Cape Town, South Africa, 29 November 2007- Immunisation efforts in 29 of the world's poorest countries received a substantial boost today when the GAVI Alliance approved programmes in the amount of US$ 537.52 million for critically needed vaccines and health system support.
The largest proportion of funding, US$ 369.98 million, will go to countries immunising against Haemophilus influenzae type b, which causes severe infections including meningitis and pneumonia. Today's approval means that 44 countries (64% of GAVI-targeted countries) will now be eligible to receive support for this vaccine - a 40% increase.
"This is wonderful news," said professor Eng Huot, Cambodia's Secretary of State for Health. "On average, 20% of children who contract Hib meningitis die. The decisions taken today by GAVI give us hope that we can defeat this awful killer."
Hib kills 400,000 children aged under five every year, most of them in the developing world. It is also responsible for approximately 3 million cases of serious illnesses resulting in long term consequences such as deafness, learning disabilities, paralysis and mental retardation. The WHO recommends that all countries adopt the Hib vaccine into routine child immunisation. By the end of 2006, however, only 108 countries provided Hib vaccination.
GAVI's commitment to helping introduce the easy-to-administer pentavalent vaccine has played a significant part in the huge increase in demand for the Hib vaccine. Pentavalent 5-in-1 vaccine immunises against Hib as well as four other diseases in just one shot: diphtheria, pertussis, tetanus and hepatitis B. By the end of 2007, GAVI will have devoted US $181 million to secure supplies of this vaccine.
The popularity of this combination vaccine has also increased the uptake of the hepatitis B vaccine. All but two countries of the 69 GAVI-eligible countries now receive funding for hepatitis B vaccine.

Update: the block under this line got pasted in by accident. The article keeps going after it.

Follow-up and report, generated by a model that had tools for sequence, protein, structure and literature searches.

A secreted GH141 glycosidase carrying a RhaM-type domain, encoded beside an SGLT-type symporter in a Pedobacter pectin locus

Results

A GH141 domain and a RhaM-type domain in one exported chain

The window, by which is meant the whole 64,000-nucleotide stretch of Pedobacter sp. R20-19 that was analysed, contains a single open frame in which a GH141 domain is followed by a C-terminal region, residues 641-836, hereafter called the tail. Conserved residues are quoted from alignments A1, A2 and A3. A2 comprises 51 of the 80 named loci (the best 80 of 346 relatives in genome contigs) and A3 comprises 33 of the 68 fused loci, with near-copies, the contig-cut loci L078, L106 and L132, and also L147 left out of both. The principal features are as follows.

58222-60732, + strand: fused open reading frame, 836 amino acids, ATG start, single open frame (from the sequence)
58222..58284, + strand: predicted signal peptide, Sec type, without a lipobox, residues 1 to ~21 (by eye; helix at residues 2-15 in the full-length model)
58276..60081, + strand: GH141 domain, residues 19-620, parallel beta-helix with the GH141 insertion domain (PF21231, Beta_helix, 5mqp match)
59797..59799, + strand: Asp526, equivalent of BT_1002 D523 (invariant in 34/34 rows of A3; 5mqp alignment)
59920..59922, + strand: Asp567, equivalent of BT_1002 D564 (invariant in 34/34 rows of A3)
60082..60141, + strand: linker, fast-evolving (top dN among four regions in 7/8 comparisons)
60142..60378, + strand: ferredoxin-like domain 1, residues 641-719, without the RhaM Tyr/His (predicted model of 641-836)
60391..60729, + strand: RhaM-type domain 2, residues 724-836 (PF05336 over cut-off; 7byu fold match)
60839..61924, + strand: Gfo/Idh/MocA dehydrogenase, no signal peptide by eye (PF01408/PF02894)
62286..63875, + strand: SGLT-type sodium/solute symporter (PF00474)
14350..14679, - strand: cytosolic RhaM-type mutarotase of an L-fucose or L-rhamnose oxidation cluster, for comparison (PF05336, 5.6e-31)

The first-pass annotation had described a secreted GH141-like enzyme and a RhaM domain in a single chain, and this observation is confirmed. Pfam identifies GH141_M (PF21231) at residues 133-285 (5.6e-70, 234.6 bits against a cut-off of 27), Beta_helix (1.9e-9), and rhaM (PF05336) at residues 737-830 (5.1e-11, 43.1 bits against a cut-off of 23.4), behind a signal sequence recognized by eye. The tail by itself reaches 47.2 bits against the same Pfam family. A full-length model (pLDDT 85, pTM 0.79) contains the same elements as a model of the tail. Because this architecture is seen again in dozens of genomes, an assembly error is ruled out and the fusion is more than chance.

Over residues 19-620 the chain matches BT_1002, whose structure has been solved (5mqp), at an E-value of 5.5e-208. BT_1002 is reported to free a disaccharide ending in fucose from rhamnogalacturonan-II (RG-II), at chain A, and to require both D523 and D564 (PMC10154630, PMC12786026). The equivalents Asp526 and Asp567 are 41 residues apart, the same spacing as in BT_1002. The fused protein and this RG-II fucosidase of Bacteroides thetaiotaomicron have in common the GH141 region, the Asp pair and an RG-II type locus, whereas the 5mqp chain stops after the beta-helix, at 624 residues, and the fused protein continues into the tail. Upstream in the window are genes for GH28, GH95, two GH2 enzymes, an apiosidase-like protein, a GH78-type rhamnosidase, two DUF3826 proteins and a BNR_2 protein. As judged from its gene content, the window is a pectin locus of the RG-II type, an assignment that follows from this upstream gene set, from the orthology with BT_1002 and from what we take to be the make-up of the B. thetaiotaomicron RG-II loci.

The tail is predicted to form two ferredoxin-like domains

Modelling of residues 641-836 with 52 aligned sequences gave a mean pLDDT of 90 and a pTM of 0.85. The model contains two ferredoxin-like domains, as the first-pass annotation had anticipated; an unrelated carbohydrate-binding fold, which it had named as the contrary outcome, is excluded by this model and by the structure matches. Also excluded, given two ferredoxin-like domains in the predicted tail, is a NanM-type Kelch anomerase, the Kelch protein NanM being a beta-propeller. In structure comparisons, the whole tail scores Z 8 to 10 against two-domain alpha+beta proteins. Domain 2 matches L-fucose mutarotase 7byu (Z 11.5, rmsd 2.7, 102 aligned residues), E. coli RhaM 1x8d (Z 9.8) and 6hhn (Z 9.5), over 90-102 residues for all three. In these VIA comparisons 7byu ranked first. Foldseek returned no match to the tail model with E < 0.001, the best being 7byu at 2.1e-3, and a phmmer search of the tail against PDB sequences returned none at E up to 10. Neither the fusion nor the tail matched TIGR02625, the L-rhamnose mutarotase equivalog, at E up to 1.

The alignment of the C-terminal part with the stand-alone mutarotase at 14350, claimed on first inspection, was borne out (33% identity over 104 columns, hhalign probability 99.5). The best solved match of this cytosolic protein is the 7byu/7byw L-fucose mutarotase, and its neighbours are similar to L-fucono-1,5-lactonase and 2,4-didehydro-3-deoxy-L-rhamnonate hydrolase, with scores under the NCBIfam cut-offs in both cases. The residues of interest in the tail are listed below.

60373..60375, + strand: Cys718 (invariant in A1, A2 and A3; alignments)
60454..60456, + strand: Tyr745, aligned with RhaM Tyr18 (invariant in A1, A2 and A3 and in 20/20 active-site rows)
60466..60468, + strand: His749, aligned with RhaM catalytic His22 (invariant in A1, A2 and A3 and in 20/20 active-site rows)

Support of US$ 28.59 million was also approved for the first time for two new-generation vaccines against rotavirus and pneumococcal disease. These diseases kill an estimated 1.5 million children every year in the world's poorest regions. Rotavirus causes diarrhoeal disease and pneumococcus is a major cause of pneumonia, meningitis and sepsis (blood poisoning). The introduction of the rotavirus vaccine will be funded in Bolivia, Guyana and Honduras and the introduction of pneumococcal vaccine will be supported in Nicaragua, Guyana and Honduras. The approval marks the beginning of a total US$ 200 million GAVI investment directed at fighting these two diseases.
To build the long-term sustainability of immunisation programmes, all countries that receive GAVI vaccine introduction support share the cost of these vaccines. The 20 countries eligible to receive this type of support today have agreed to add US$ 33.58 million from their own funds to GAVI's US$ 399.62 million.
The national health systems of 13 of the world's poorest countries are also eligible to receive US$ 137.9 million as a result of the board approvals. This new funding is designed to address barriers and weaknesses in health programmes and systems that impede sustainable immunisation coverage. Barriers include inadequate transport and infrastructure, lack of skilled workers and professionals, weak information systems and technology failures.